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Friday, May 16, 2008

Why the Court ought to deny cert in Smith v Barrow...

... And almost any other case involving Pierce/Meyer rights. The reason, of course, is federalism.

Institutionally complex rights -- including rights to private property, rights to parental control, rights to separation of powers (see Calder v Bull), rights to an equally funded public education, and a bunch of others -- should simply not be federalized absent the most pressing need. This is not because these are unimportant rights. To the contrary, they are among the most important. But centralized definition of institutionally complex rights -- i.e., entitlements to essentially systems of collective governance -- generally is a disaster.

Such rights cannot be protected by a simple federal injunction on some well-defined set of state practices. Instead, these rights are entitlements to complex systems of law: The existence of the right requires comprehensive and detailed regulation, balancing (for instance) the interests of children, relatives, teachers, etc, all of whom have plausible federal entitlements to free speech, free exercise of religion, anti-establishment, and, of course, parental autonomy.

The notion that Article III courts can effectively protect such rights with centralized directives from a committee of nine elderly lawyers is laughable. Far better to leave these issues to the state courts' enforcement of state constitutions, where (a) the affected constituencies are powerful enough to amend the organic law to their liking; (b) the variety of jurisdictions is great enough to accommodate passionate differences of opinion about which rights are "fundamental"; and (c) the jurisdictions are small enough that there can be a constant dialogue between the legislature and court about exactly how to manage complex entitlements. (As an example, consider school finance litigation: love it or hate it, would you really want this issue -- about which the states and experts are deeply perplexed -- federalized?)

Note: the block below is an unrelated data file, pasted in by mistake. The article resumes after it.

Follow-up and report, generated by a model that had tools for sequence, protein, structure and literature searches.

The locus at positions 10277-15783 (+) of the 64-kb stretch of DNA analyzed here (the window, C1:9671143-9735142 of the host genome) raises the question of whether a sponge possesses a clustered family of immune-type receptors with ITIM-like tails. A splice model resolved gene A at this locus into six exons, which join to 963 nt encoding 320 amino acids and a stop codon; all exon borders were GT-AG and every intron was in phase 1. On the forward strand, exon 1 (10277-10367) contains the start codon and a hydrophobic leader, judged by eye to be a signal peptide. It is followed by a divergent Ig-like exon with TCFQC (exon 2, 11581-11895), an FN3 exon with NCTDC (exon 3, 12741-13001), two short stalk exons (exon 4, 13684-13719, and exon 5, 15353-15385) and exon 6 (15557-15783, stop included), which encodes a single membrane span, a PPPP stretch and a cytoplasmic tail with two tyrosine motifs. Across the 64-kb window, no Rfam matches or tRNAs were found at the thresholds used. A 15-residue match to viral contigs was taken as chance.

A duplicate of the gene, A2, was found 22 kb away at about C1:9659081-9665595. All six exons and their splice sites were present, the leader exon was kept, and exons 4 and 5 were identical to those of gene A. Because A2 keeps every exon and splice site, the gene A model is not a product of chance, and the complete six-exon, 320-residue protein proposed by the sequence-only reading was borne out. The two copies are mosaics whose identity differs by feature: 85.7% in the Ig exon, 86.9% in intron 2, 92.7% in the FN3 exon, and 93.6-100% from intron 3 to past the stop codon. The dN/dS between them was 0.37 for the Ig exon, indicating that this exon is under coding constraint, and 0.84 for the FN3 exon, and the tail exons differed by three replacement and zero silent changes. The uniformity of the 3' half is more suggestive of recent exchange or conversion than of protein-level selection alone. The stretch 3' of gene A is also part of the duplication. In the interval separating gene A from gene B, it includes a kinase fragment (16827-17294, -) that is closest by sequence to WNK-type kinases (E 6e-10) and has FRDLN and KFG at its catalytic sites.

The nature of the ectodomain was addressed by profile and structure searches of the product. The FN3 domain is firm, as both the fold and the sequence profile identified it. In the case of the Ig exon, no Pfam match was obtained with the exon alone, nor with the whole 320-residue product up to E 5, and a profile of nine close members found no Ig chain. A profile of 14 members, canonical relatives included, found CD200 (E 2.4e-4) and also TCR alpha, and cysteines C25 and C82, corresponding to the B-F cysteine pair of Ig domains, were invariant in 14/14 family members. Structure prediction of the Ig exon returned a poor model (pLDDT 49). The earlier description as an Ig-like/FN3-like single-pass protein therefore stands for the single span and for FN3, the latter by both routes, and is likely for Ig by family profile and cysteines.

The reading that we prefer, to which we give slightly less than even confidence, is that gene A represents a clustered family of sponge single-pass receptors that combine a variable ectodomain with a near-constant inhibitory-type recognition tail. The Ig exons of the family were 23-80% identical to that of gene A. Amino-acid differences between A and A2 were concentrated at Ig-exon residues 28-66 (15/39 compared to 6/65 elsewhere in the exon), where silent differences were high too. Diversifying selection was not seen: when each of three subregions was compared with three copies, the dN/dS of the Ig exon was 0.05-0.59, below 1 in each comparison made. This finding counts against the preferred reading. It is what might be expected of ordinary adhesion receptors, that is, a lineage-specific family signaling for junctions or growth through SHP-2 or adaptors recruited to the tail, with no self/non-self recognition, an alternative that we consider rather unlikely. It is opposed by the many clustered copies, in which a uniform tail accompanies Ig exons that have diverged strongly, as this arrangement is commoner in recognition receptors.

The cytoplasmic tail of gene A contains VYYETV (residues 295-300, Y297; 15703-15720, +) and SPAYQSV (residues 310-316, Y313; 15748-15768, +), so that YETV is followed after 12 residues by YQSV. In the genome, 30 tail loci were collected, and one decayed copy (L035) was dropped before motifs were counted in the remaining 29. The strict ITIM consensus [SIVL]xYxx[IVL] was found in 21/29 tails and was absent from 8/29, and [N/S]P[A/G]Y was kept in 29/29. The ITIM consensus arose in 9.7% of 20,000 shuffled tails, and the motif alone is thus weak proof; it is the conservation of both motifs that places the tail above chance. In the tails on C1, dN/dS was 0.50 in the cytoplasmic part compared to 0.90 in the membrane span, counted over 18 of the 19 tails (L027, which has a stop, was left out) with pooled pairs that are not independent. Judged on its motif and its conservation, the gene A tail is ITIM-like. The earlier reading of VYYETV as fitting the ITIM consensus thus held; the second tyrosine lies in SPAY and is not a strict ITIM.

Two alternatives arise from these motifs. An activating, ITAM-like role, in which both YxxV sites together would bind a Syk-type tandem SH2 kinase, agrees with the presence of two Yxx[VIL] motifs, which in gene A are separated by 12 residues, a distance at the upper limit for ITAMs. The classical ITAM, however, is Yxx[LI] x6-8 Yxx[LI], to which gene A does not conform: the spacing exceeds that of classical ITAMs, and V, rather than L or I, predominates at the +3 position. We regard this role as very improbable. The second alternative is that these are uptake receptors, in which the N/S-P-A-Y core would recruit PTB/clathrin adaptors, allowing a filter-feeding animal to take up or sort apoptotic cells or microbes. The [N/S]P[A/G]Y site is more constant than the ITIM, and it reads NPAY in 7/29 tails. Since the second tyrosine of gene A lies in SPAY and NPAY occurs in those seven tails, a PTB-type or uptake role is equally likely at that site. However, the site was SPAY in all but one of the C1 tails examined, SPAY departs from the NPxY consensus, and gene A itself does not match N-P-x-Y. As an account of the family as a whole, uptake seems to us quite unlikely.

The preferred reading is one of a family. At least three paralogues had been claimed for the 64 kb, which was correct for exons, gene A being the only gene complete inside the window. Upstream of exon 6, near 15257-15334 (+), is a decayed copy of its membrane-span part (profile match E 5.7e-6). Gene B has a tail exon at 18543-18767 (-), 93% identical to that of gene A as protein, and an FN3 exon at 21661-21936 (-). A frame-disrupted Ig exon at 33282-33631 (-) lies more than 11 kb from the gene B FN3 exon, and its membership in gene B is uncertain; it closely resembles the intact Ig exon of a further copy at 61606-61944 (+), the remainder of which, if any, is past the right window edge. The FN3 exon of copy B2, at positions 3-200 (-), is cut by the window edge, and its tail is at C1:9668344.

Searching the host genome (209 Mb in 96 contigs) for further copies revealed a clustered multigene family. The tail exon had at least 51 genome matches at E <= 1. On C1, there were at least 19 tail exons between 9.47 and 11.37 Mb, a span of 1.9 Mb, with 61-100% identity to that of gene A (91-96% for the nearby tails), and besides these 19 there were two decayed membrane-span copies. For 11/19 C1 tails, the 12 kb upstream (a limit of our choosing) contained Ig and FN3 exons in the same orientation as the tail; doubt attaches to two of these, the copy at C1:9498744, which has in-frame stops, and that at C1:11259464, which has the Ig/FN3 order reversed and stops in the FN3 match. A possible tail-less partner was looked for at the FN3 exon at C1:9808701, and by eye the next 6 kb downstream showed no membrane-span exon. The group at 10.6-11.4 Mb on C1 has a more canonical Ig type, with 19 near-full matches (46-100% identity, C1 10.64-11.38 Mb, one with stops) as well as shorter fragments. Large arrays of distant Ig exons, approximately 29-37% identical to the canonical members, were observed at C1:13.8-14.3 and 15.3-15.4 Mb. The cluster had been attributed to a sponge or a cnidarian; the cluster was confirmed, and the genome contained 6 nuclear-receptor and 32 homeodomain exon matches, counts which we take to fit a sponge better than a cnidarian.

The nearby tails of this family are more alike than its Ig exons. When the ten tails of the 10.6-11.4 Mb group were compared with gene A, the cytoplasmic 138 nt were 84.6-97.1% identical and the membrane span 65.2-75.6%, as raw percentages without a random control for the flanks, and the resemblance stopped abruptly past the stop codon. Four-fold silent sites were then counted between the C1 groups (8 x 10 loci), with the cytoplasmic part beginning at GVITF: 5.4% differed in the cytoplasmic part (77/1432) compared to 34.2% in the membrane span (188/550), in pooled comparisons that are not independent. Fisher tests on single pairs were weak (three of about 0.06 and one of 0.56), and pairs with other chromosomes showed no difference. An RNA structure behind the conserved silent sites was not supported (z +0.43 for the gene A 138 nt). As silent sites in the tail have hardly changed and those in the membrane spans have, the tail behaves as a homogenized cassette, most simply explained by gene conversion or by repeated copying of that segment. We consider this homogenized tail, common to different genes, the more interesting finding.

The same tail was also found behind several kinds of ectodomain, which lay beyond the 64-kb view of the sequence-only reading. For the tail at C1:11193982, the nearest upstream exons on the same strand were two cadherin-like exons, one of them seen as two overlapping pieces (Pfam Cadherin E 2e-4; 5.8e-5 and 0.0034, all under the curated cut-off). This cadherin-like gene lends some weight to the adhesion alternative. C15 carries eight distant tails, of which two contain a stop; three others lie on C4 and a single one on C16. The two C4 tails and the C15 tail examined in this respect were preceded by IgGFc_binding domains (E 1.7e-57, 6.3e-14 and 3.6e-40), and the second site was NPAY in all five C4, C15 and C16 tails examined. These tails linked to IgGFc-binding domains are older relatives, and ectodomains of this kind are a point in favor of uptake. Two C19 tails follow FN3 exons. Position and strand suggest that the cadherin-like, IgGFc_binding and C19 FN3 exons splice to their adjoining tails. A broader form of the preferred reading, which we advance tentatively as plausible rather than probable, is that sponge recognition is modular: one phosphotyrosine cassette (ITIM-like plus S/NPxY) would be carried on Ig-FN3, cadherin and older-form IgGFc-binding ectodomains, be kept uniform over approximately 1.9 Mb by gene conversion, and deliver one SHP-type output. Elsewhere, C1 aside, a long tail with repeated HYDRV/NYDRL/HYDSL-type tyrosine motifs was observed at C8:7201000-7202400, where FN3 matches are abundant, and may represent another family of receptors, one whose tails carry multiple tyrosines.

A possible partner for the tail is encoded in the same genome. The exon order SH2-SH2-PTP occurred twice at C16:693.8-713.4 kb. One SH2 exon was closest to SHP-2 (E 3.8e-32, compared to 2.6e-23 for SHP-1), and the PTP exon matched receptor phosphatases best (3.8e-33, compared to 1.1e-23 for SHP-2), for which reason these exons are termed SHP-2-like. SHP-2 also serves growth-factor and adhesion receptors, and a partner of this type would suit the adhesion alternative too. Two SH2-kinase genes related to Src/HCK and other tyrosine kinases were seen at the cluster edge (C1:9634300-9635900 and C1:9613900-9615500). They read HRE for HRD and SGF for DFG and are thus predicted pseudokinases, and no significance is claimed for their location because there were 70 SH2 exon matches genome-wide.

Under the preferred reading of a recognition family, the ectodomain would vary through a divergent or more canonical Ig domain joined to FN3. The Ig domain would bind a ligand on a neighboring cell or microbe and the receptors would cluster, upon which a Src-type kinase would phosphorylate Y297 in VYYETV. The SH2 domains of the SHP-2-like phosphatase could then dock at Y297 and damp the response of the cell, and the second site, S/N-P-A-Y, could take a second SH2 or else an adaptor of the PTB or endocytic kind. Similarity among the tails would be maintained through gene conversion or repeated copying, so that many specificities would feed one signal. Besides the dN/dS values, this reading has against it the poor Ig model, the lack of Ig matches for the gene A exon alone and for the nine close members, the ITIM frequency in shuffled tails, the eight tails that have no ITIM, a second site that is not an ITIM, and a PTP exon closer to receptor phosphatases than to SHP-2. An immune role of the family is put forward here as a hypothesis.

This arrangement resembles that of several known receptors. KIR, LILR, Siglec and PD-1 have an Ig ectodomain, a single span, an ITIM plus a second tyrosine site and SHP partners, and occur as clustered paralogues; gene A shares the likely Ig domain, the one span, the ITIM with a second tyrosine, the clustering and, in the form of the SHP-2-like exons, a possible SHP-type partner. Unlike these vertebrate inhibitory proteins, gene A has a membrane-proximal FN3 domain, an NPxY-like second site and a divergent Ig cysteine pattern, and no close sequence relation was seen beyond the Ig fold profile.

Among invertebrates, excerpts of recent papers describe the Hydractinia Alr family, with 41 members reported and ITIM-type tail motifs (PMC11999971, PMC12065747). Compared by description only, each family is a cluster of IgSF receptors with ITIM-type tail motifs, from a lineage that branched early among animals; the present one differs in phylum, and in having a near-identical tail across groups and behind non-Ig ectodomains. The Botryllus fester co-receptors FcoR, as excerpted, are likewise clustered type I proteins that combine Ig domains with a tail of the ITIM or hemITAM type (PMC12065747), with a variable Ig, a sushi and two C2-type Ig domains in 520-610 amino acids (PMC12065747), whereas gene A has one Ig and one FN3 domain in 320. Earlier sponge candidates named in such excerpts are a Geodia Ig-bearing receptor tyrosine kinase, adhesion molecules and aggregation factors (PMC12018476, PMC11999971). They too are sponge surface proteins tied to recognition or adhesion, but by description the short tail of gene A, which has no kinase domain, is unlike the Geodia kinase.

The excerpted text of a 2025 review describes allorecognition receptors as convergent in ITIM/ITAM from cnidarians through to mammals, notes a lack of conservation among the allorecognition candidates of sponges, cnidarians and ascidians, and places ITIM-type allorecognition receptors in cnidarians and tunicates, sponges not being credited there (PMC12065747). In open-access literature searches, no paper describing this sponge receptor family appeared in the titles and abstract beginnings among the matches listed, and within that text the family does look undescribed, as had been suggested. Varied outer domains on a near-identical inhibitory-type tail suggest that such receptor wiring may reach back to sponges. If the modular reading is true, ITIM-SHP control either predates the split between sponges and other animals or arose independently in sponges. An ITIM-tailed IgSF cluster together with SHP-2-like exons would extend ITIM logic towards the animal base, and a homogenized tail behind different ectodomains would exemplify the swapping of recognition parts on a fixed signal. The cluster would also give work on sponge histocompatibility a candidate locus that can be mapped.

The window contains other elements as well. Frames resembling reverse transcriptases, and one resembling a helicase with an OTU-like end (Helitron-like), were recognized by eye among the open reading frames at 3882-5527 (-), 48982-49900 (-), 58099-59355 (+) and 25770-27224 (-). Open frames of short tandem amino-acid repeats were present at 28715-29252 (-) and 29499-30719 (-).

The Court acted wisely in San Antonio School District v Rodriguez not attempting to federalize the right to an equally funded public education. They'd do wisely here in refusing to federalize parental rights selectively to use the public school system.

Posted by Rick Hills on May 16, 2008 at 10:03 AM in Constitutional thoughts | Permalink


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Post in haste, repent at leisure. As Mark notes, the real title of the post should have been, "Why the Court ought to reverse the Fifth Circuit in Smith v Barrow."

(There is, of course, a case for having the SCOTUS take no position on certain ostensibly federal rights beyond acknowledging that they are indeed federal, letting the lower federal courts enforce them -- or not -- willy nilly. That case for administrative decentralization is loosely analogous to the case for federalism in rights: If the rights in question are so institutionally complex that they are best managed in a decentralized manner, then it is better to let a dozen circuits ponder the matter than a single SCOTUS -- especially if there is some rough regionalization of circuits' attiutudes because the nomination of judges is influenced by the Senators from a region).

Posted by: Rick Hills | May 19, 2008 7:09:17 AM

I'm puzzled at the assertion that federalism should lead the Court to deny cert. in Smith v. Barrow. After all, the Fifth Circuit imposed federal standards on a local school board. How about granting cert. and reversing the Fifth Circuit, citing federalism as the reason for reversal? (Not a prediction, but an analytic point.) As I recall, there was a case quite a while back involving (if I remember it correctly) a similar restriction on a school teacher's choice of private education for a child, in a district under a desegregation order where the expansion of private schools made desegregation more difficult.

Posted by: Mark Tushnet | May 19, 2008 5:56:38 AM

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